Why is it important to rejoice over the Lost Sheep? Because you don’t want anyone to perish! We should have compassion on everyone! The other 99 sheep, why not worry about them? Well, they have not run away or slipped off the path from the rest. The 99 are just as important, but they are not in as much need as the ones who are Lost. Either way you should celebrate when someone or something has been found.

                Jesus tells the Parable of the Lost Coin (piece of silver);

“…what woman having ten pieces of silver, if she lose one piece doth not light a candle, and sweep the house, and seek diligently till she find it? And when she hath found it, she calleth her friends and her neighbours, saying, Rejoice with me; for I have found the piece which I lost. Likewise… there is joy in the presence of the angels of God over one sinner that repenteth.” (Luke 15:8-10)

                This is the same thing as the Parable of the Lost Sheep, we should value everyone. If everyone is on the path and is not lost, great! However, those who have fallen off the path and are Lost, have need to be found!

Jesus tells the Parable of the Prodigal Son;

“…A certain man had two sons: And the younger of them said to his father, Father, give me of the portion of goods that falleth to me [inheritance]. And he divided unto them his living…the younger son gathered all together, and took his journey into a far country, and there wasted his substance with riotous living [being rebellious and irresponsible]….when he spent all, there arose a mighty famine in that land: and he began to be in want… he went and joined himself to a citizen of that country; and he sent him into his fields to feed swine…. And when he came to himself, he said, How many hired servants of my father’s have bread enough and to spare, and I perish with hunger! I will arise and go to my father, and will say unto him, Father, I have sinned against heaven, and before thee, And am no more worthy to be called thy son: make me as one of thy hired servants.” (Luke 15:11-15;17-19)

So, this son goes to his father and asks for his inheritance now. The father agrees and the son wastes the money, and is forced to find employment with a man who apparently does not pay him enough to eat properly and he hungers. So he decides to return home to his father, where he plans on becoming one of the hired servants.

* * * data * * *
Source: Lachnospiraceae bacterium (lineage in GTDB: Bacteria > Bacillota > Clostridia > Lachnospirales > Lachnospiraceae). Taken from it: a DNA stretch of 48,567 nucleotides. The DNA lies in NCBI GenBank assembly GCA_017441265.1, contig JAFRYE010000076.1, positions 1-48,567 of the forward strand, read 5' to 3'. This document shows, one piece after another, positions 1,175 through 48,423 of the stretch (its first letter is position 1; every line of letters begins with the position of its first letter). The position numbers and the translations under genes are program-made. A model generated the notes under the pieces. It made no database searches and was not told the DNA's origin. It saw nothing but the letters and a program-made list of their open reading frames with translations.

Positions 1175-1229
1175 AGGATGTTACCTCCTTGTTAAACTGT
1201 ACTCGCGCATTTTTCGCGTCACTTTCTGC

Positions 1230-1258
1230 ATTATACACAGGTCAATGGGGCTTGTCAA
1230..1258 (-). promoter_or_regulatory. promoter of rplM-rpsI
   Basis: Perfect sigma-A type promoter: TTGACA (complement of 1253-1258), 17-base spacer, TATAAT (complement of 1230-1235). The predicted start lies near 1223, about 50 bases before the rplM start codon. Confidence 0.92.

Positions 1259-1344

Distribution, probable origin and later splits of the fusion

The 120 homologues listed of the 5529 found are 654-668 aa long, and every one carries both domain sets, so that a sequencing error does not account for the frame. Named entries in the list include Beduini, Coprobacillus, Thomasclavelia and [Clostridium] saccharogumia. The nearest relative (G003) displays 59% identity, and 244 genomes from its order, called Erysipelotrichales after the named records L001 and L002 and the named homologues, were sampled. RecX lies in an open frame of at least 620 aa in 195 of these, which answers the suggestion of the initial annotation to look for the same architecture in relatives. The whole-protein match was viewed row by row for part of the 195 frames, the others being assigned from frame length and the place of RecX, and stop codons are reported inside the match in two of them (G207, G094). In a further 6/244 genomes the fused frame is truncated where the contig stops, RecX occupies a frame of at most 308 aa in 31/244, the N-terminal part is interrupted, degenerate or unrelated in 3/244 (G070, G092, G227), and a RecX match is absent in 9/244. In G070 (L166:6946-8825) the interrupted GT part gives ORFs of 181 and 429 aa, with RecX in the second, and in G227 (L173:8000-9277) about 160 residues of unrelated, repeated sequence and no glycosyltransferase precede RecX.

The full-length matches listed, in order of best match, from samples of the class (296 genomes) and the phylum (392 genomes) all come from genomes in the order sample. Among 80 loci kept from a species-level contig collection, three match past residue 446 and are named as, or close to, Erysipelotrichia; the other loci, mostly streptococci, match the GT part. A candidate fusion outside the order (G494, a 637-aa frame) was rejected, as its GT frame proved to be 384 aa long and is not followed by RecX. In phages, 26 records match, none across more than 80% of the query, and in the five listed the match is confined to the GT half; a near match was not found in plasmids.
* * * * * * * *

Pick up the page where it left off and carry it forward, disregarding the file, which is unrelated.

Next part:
“And he arose, and came to his father. But when he was yet a great way off, his father saw him, and had compassion, and ran, and fell on his neck, and kissed him. And the son said unto him, Father, I have sinned against heaven, and in thy sight, and am no more worthy to be called thy son.” (Luke 15:20-21)

The son was embarrassed and told his father that he had sinned by wasting his money and that he was no longer worthy to be his son. But the father reacts in a rather unexpected manner…

“But the father said to his servants, Bring forth the best robe, and put it on him; and put a ring on his hand, and shoes on his feet: And bring hither the fatted calf, and kill it; and let us eat, and be merry: For this my son was dead, and is alive again; he was lost, and is found. And they began to be merry.” (Luke 15:22-23)

                Instead of scolding his son, the father was so happy to see him that he wanted to put on a huge feast in celebration of his return. The older son, when he hears about this is angered. So the father comes out to find the older brother to talk about why he was angry. The older son claims that he had worked hard, without transgression and yet the younger son sinned and wasted away the fathers money on all manner of sin. The father responds to the elder son; “… Son, thou art ever with me, and all that I have is thine. It was meet that we should make merry, and be glad: for this thy brother was dead, and is alive again; and was lost, and is found.” (Luke 15:31-32)

Essentially the father reminds the older son, that everything the father has is still his. He is not going to lose his inheritance, but that they should still celebrate the homecoming of the younger son. We need to remember this, that just because a sinner is being celebrated for getting back on the right path, does not mean that a good person who never sins doesn’t get a big feast. For that time will come!